Recycling might be some good idea in some cases, but it turns bad when one recycles sewage into household use. Many residents of the Belen area of Iquitos, Peru face a problem similar to that of London in the 19th century. Disposing properly of household waste is expensive and impractical for those living on floating houses or houses built on stilts on the riverbank. Sewage goes, and sewage comes back again.

[I]n 1815 house waste was permitted to be carried to the Thames via the sewers, so for seven years human waste was dumped into the Thames and then potentially pumped back to the same households for drinking, cooking and bathing. Prior to the Great Stink there were over 200,000 cesspits in London. Emptying one cesspit cost a shilling - a cost the average London citizen then could ill afford. As a result, most cesspits added to the airborne stench.

In the Belen area many building lack basic plumbing, and thus during the six month low water season, the sewage is not swept away by the Amazon river. Belen in effect becomes one large cesspit. At least there are very few toilets to add to the mess.

Part of the [London] problem was due to the introduction of flush toilets, replacing the chamber-pots that most Londoners had used. These dramatically increased the volume of water and waste that was now poured into existing cesspits. These often overflowed into street drains designed originally to cope with rainwater, but now also used to carry outfalls from factories, slaughterhouses and other activities, contaminating the city before emptying into the River Thames.

The summer of 1858 was unusually hot. The Thames and many of its urban tributaries were overflowing with sewage; the warm weather encouraged bacteria to thrive and the resulting smell was so overwhelming that it affected the work of the House of Commons (countermeasures included draping curtains soaked in chloride of lime, while members considered relocating upstream to Hampton Court) and the law courts (plans were made to evacuate to Oxford and St Albans). Heavy rain finally ended the heat and humidity of summer and the immediate crisis ended. However, a House of Commons select committee was appointed to report on the Stink and recommend how to end the problem.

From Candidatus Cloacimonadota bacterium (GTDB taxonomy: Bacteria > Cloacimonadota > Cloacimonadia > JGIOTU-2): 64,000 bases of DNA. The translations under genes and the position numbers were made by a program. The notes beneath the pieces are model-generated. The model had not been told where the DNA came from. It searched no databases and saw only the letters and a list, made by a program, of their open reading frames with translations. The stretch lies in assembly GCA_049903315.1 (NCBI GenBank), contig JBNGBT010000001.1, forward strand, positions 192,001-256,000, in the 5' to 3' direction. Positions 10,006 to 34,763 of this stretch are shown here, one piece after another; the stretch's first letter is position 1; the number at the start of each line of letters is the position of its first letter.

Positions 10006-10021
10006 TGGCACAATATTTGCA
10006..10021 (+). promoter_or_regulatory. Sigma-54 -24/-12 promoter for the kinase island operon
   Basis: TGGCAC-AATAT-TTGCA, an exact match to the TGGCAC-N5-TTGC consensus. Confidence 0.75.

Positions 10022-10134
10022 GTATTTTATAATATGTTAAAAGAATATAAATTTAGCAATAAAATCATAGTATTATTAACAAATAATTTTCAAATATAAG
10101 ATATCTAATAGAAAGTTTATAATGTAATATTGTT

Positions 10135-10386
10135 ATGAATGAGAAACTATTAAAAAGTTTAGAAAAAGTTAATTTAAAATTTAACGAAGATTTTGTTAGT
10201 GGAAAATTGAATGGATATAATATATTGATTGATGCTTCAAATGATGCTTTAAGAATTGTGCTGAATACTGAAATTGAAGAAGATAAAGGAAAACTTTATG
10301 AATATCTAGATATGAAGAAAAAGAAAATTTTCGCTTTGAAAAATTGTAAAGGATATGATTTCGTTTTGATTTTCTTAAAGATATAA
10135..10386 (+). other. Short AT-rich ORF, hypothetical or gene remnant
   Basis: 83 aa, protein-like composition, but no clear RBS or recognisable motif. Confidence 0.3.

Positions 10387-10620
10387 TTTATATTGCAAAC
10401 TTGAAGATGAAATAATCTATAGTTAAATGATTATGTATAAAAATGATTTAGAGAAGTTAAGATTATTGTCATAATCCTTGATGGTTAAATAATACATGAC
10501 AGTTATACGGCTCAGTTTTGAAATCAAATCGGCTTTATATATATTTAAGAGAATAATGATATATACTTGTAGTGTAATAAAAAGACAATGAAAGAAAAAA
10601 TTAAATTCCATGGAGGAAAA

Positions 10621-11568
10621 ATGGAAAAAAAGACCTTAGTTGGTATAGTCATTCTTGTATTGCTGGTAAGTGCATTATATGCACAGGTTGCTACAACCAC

Consolidating several separate local bodies concerned with sewers, the Metropolitan Commission of Sewers was established in 1848; it surveyed London's antiquated sewerage system and began ridding the capital of its cesspits—an objective later accelerated by the "Great Stink".
[I]in 1855 the Metropolitan Board of Works which, after rejecting many schemes for "merciful abatement of the epidemic that ravaged the Metropolis", accepted a scheme to implement sewers proposed in 1859 by its chief engineer, Joseph Bazalgette. The intention of this very expensive scheme was to resolve the epidemic of cholera by eliminating the stench which was believed to cause it. Over the next six years the main elements of the London sewerage system were created. As an unintended consequence the water supply ceased to be contaminated; this resolved the cholera epidemic.

Iquitos has a sewerage system, now antiquated and in the process of up-grading. The original and the current projects are thanks to men like John Snow and Joseph Bazalgette. 

John Snow (15 March 1813 – 16 June 1858)

Snow was a sceptic of the then-dominant miasma theory that stated that diseases such as cholera or the Black Death were caused by pollution or a noxious form of "bad air". The germ theory of disease had not yet been developed, so Snow did not understand the mechanism by which the disease was transmitted. His observation of the evidence led him to discount the theory of foul air. He first publicized his theory in an essay On the Mode of Communication of Cholera in 1849. ... In 1855 he published a second edition of his article, documenting his more elaborate investigation of the effect of the water supply in the Soho, London epidemic of 1854.